The Instruments Of Change: Reed Ghazala
Without the tools to create, where would we be? Listening to the sound of one hand clapping, probably. In this column we’ll be looking at people who invent their own tools—be they musical, artistic, photographic—any sort of bespoke equipment from innovative builders of all disciplines and ages in a celebration of the fine art of invention. This week: Reed Ghazala
Reed Ghazala is known to the world as the founding father of circuit bending. But that’s really just the tip of the instrumental iceberg, as he’s invented hundreds of music tools over the decades based on the circuit-bending principle of customizing and modifying existing electronic devices. This shaman of customization has created tailored instruments for all sorts of musicians, like the electronic carafe he made for Tom Waits, along with a wide variety of avant-garde musical appliances that defy the usual classifications. Specializing in handmade instruments that utilize randomness, he pioneered the use of creating experimental equipment by raiding a second hand store and going at your electronic purchases with a screwdriver and a look of unerring dedication in your eye.
He is also an author and visual artist, designer and photographer. But it’s his handmade instruments that he’ll be remembered for—his inspired, innovative, alchemical creations that are like hybrid musical machines that take the form of psychedelic alien toys. This audionaut brought DIY sonic experimentation to the masses, here’s some of his creations.
Using a 1940s stenograph as its home, this strange contraption is an insect voice synthesizer. In addition to being an arthropodic sound device that wouldn’t be out of place in a William Burrough’s novel, it also “synthesizes orchestral textures, choirs, and a strange assortment of surreal musical voices.”
This “monster theremin” turns radio interference into fine art and ear-bleeding into a look du jour. It shares with the theremin the ability to change pitch and volume without the need for physical contact, but it differs in that “other circuit elements are brought forward to also act as RF sensitive modulators within the pool of radio emissions generated by a plasma globe.”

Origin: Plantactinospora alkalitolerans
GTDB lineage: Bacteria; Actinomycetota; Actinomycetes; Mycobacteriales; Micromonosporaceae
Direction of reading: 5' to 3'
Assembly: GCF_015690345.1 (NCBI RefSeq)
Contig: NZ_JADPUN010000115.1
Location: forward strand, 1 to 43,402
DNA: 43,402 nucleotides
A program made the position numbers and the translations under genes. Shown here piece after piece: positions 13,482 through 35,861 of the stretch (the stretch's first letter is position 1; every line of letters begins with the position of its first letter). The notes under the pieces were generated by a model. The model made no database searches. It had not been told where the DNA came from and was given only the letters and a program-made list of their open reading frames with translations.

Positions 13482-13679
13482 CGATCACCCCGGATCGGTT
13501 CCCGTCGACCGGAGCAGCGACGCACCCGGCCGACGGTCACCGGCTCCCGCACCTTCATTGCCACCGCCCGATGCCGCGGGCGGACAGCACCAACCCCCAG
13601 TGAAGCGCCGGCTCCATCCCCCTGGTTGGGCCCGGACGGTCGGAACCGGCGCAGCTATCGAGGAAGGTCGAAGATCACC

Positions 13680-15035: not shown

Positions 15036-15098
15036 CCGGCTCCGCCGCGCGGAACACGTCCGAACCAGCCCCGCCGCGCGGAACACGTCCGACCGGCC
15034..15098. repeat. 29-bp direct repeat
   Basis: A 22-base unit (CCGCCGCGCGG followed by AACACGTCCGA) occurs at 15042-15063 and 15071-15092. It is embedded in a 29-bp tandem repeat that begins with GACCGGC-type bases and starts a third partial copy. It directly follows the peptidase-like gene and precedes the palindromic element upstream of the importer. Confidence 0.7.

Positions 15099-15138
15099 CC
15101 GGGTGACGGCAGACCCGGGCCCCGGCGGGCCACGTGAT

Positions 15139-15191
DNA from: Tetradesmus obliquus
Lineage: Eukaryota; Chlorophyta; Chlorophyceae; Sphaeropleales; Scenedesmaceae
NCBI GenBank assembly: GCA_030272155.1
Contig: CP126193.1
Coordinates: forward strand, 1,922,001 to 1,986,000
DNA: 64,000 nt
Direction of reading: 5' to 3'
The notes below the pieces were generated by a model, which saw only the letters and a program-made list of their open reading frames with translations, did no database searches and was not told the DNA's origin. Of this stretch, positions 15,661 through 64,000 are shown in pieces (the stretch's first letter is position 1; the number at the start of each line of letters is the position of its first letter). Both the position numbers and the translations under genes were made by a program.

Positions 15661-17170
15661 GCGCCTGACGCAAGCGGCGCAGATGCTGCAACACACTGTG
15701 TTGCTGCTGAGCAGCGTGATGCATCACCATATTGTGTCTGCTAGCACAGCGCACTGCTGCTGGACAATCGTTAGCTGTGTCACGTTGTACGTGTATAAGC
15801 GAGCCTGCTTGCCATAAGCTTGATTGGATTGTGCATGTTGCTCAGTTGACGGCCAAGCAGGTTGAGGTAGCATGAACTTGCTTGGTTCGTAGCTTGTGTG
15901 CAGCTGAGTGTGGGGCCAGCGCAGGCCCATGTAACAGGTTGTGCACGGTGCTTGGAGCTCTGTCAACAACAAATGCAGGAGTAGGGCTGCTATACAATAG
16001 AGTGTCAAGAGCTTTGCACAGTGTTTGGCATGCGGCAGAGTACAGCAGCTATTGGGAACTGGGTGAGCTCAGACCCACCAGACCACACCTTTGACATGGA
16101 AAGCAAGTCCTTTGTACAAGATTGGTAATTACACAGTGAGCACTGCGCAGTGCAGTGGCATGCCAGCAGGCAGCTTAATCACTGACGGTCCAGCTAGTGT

Part of his body-contact series, this eye-challenging device merges instrument and musician, running electricity through both so they become one. Reed explains: “Via plastokinesis, an instrument body is re-formed to meet the electro-biological control set aesthetic of the artist/instrument interface, in this example, an organic, audio-centric body-contacting and transmission of electrical current between the two nuclei – player and circuit.” Be afraid.
iPad 2 Audio Desk
An audio dock for the iPad 2 to compliment the experimental music apps, a hack that provides functionality and “allows all jacks to be mounted on the aluminum case for easy access. Plus, jacks are upgraded from dongly 1/8” mini to standard 1/4"."
Bass Riff Guitar
It’s not just electrical equipment that Ghazala disrupts, anything’s fair game. Take this hacked acoustic guitar which got picked up in a thrift store and changed after “a file, a hand drill, and a coping saw + 2 hrs work” from a six string guitar into a four string bass riff guitar.